West End Girls by Pet Shop Boys - is it the greatest British single of all time?
The Guardian has crowned it as the greatest chart-topper.
In a series where The Guardian has been counting down the 100 Greatest UK Number 1s, it’s West End Girls by Pet Shop Boys that has come out on top.
“West End Girls isn’t so much social commentary on London’s burgeoning yuppie class as it is an impressionist marvel, in which lust, naivety, disco and opaque references to Lenin rush by as if caught in the reflection of a bus window…” writes Laura Snapes – explaining why the track topped the Guardian’s poll. “The singular West End Girls runs on intoxicating sobriety; the promise of thrill coupled with an implacable sense of tragedy; the sumptuous pleasure of being right where you ought to be and the paranoia that everyone knows you don’t belong there at all. It casts an outsider eye on heterosexual desire, how self-consciousness complicates innocent lust; the fine line between punishment and pleasure, and the limits of tastefulness.”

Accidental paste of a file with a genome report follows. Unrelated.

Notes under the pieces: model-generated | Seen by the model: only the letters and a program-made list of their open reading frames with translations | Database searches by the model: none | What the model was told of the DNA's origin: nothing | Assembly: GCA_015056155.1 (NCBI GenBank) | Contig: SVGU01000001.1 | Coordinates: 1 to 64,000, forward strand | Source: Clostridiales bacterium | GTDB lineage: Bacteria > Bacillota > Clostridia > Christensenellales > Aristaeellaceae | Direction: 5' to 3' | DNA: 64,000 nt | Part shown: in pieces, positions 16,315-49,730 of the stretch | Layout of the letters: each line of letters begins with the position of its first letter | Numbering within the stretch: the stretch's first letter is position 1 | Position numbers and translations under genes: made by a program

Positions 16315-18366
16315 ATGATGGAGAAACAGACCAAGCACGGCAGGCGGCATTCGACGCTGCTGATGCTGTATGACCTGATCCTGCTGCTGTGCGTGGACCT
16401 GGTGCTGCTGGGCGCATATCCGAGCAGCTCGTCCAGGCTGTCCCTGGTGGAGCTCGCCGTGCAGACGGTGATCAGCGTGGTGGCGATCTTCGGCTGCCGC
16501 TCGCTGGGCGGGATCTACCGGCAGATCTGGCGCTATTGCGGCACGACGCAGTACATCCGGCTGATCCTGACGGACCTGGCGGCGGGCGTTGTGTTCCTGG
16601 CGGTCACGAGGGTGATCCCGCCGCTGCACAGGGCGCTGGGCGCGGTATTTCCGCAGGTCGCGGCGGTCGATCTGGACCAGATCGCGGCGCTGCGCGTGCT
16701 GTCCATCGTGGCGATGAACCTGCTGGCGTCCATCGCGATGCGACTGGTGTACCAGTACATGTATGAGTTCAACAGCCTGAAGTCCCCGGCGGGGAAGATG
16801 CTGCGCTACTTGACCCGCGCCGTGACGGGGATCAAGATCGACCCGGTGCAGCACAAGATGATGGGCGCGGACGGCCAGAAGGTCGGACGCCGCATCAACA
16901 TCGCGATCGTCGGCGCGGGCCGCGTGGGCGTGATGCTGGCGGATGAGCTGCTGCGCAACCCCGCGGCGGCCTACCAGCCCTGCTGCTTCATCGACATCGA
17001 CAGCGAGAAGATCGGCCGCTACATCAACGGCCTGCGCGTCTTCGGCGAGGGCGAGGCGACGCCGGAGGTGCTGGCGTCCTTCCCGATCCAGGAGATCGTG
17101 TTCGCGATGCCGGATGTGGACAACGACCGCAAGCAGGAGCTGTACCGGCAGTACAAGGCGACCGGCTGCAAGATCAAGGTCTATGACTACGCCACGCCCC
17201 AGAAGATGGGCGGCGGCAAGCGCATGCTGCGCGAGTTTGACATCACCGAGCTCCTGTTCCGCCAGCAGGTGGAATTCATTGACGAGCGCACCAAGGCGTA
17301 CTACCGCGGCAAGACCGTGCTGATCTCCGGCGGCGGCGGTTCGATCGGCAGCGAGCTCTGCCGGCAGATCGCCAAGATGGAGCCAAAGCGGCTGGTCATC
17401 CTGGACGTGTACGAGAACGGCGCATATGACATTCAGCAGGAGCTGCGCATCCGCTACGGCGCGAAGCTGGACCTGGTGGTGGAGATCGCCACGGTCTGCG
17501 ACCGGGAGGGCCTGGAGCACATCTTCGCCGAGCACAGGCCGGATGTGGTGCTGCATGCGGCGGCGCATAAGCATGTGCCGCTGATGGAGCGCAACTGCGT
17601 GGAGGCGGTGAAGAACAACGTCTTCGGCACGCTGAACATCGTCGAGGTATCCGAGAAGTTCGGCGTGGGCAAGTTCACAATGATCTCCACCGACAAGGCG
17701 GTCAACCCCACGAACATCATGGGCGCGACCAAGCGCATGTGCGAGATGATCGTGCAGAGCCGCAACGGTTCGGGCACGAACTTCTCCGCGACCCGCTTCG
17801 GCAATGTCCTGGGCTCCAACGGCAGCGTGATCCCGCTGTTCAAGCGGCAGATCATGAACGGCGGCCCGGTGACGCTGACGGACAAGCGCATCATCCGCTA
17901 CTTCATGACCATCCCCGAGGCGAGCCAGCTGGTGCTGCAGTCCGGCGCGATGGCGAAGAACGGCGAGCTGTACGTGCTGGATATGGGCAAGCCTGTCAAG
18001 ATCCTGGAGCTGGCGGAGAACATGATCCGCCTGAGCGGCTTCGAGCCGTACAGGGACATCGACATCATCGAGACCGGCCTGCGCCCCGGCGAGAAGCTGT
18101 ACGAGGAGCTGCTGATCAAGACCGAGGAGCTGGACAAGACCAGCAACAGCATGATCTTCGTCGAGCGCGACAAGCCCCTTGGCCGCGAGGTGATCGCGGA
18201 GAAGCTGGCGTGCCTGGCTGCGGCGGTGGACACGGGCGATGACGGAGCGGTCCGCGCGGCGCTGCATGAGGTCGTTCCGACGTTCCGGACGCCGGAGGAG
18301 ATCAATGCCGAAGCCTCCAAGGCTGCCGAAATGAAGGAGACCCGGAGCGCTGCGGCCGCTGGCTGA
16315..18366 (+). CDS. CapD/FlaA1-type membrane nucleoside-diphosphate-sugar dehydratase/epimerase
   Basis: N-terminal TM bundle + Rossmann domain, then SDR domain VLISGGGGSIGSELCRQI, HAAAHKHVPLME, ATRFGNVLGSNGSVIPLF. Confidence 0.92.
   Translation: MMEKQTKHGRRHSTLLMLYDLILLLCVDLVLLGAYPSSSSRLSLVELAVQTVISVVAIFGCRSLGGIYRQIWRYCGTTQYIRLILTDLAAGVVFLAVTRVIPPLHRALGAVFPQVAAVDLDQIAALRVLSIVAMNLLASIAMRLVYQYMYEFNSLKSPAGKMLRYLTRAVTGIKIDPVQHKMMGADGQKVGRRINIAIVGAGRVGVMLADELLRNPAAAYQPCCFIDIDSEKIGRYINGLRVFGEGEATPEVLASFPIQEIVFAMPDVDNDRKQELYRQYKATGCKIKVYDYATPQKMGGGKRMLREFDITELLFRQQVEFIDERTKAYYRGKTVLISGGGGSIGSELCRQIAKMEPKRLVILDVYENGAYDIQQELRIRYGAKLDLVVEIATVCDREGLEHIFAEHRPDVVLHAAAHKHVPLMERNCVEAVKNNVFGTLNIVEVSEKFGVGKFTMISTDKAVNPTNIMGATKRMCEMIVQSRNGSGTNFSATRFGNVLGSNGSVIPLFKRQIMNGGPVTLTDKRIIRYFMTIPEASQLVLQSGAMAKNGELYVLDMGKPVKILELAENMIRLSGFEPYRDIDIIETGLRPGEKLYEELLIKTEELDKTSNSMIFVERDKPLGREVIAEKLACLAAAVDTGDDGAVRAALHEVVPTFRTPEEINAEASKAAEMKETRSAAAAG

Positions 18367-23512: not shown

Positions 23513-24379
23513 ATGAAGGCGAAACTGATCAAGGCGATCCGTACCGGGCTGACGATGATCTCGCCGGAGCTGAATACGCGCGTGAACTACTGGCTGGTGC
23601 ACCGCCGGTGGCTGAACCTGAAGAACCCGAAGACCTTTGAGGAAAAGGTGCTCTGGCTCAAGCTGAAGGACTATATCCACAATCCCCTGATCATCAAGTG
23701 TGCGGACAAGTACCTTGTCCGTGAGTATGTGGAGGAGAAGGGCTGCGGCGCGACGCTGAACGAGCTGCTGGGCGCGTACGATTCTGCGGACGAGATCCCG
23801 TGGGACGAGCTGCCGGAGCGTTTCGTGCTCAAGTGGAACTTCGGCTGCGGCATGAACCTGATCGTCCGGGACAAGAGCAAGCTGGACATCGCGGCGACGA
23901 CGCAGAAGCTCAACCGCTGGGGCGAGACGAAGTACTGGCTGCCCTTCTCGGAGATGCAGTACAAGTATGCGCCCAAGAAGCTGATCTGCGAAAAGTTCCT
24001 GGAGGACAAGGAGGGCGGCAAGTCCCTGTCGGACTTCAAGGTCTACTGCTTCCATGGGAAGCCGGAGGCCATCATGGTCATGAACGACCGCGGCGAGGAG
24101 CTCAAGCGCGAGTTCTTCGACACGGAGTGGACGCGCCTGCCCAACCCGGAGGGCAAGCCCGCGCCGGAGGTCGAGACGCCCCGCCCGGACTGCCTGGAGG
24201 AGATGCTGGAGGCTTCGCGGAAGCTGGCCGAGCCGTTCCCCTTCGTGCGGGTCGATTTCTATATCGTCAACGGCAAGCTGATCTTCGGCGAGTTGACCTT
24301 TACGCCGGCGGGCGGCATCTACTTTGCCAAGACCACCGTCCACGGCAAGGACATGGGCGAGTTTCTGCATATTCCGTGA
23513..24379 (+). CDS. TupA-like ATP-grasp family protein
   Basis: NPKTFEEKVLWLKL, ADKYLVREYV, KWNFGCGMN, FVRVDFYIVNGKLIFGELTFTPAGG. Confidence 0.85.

Who are Pet Shop Boys?
Neil Tennant and Chris Lowe met in 1991.
Discovering they had a shared interest in dance and electronic music, they began to work together on material.
At the time, Tenant was working for Smash Hits magazine. On a trip to New York, he gave a demo tape to music producer Bobby Orlando and things quickly took off from there.
West End Girls was their big break-through hit, establishing them as a major name in the music industry.
It Couldn’t Happen Here
Released in 1987, It Couldn’t Happen Here is a feature film directed by Jack Bond, showcasing the music of the Pet Shop Boys.
It’s recently been remastered and re-released by BFI, along with a range of extras that take us behind-the-scenes of this celebrated pop movie.
It Couldn’t Happen Here began life when Jack Bond set out to make an extended pop video based on Pet Shop Boys’ 1987 album Actually. What he ended up with was a flamboyantly full-scale feature film that finds Neil Tennant and Chris Lowe embarking on a musical odyssey. It’s pop surrealism meets road movie.